I loved Patient Zero, and I loved the short story, focusing on the same characters as Rot and Ruin, in Zombie. So I was super excited to start reading this, and I was not disappointed. The book starts years after ‘First Night’, when the dead stopped just being dead. Now, fourteen years later, Benny Imura has to find a job or have his rations cut in half. After trying a variety of work, Benny opts to apprentice with his brother Tom, a man he has hated since their parents died, when he thought Tom simply ran away.
But when Tom takes Benny out into the Rot and Ruin, the land beyond their small town, Benny begins to understand exactly what it is his brother does. And his world changes as he realises bounty hunters, the men who hunt down zombies, aren’t as cool as he originally thought.
Benny at first comes across a little bit of a brat. Him and his best friend turn down job after job, for the main reason that they’re just too hard. He refuses to see his brother as a person, and admires men like Charlie Pink-Eye and The Motor City Hammer, men who, it’s clear, are rough and tough, so completely opposite to Benny’s brother Tom. He’s not unlikable, but he is a character you urge to grow. And that works nicely for the plot of the book, where Benny’s world changes and he starts to realise that the way he sees things might just be wrong.
Nothing is overly explicit in the book. Maberry lets us, as readers, make up our own minds about these characters and this world, dropping hints here and there towards what they’re really like. As well as that, even though it’s mostly from Benny’s POV, Maberry draws us in and allows us to see much more than Benny can. The characters of his friends, his brother and the others in the town are interesting in their own right, and none of them feel like they’re shoved in there just as a plot device, or just for the sake of the book. They are feel like real people, even when we only glimpse them for a few moments.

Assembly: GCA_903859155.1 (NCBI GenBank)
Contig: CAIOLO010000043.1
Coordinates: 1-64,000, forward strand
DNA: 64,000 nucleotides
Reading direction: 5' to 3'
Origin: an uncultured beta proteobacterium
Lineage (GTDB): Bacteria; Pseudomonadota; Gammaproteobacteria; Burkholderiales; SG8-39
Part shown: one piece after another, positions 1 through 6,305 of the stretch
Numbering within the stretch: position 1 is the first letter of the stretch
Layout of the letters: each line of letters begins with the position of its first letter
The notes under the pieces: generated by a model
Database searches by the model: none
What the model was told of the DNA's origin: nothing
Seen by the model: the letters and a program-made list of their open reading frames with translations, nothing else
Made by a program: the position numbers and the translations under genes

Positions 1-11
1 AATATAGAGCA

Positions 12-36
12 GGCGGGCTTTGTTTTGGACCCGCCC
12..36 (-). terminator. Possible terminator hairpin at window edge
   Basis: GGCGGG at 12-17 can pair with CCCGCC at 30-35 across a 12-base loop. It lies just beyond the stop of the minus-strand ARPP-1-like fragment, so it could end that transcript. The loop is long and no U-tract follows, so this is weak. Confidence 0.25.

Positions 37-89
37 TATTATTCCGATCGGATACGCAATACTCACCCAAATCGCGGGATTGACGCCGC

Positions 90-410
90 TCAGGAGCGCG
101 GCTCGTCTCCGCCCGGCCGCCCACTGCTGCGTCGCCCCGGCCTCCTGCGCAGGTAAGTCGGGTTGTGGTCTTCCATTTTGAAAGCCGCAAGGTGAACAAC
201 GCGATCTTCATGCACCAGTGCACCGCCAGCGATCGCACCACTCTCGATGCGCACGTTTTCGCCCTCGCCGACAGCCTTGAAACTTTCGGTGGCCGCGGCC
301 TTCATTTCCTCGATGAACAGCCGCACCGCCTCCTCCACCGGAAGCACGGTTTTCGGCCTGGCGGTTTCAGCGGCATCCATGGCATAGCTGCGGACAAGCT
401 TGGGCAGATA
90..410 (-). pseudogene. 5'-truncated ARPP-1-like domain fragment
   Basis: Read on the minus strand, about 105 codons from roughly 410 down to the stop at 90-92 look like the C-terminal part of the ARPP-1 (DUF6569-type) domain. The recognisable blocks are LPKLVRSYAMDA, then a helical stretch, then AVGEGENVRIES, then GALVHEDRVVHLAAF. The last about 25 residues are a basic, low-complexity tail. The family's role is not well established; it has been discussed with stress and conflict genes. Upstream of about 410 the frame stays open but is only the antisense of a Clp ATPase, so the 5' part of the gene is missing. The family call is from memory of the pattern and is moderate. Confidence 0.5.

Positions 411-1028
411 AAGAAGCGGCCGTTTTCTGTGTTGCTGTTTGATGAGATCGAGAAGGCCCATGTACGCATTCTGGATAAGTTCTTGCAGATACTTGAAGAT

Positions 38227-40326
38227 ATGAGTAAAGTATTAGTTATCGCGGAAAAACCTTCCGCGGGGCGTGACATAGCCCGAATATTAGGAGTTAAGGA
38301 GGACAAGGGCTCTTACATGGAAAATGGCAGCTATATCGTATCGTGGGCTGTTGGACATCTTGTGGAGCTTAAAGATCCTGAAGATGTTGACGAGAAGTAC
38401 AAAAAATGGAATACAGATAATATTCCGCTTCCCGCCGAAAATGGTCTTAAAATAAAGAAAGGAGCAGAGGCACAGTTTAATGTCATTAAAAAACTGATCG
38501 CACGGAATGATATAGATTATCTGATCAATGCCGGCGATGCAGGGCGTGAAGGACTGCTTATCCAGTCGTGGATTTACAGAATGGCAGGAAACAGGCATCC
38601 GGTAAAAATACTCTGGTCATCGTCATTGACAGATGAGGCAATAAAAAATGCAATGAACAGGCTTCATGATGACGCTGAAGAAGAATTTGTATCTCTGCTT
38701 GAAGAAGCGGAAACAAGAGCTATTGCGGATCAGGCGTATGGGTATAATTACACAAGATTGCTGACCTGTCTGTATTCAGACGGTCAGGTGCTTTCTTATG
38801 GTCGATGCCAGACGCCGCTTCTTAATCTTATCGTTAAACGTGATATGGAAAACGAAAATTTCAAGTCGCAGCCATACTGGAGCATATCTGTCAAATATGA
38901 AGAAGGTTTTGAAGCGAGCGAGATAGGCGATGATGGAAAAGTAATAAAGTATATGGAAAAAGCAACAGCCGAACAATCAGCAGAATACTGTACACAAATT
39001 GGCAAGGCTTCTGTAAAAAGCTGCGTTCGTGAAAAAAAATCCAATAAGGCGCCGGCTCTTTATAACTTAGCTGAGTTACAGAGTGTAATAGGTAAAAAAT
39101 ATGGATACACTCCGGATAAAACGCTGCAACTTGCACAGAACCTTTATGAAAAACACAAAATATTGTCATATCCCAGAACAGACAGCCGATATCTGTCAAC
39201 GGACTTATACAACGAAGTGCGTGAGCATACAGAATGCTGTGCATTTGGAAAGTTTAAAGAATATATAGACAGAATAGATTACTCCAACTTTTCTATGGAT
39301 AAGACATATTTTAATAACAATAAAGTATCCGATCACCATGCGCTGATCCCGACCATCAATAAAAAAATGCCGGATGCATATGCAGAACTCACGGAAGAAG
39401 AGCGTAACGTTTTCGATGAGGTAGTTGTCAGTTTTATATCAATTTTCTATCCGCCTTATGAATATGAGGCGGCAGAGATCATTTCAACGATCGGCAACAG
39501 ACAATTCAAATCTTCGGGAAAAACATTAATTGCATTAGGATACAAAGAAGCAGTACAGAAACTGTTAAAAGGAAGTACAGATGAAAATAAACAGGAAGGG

There aren’t twists, as such. More like revelations, mainly ones that Benny has but the reader is able to pick up on beforehand. But it’s not a book to read for major plot twists and startling moments. Instead, many of the best parts are the quiet, understated ones, where we glimpse into the characters and see their emotions, either hidden or bubbling quietly to the surface. There are some truly touching moments, not just on the part of the human characters, but moments when we see that the zombies aren’t just undead people who need to be re-killed, but instead are former humans who had lives and families.
When the action does happen, it’s gripping and engrossing. There’s real fear for the characters, real worry for them as they find themselves in severe danger. And most of that is down to the way Maberry has introduced them to us, the way he has them laid out and the way we feel for them before they face too much.
Rot And Ruin is a different type of zombie book, one where the zombies are more background than the main monsters, and one in which the quietest moments are the strongest. A great read.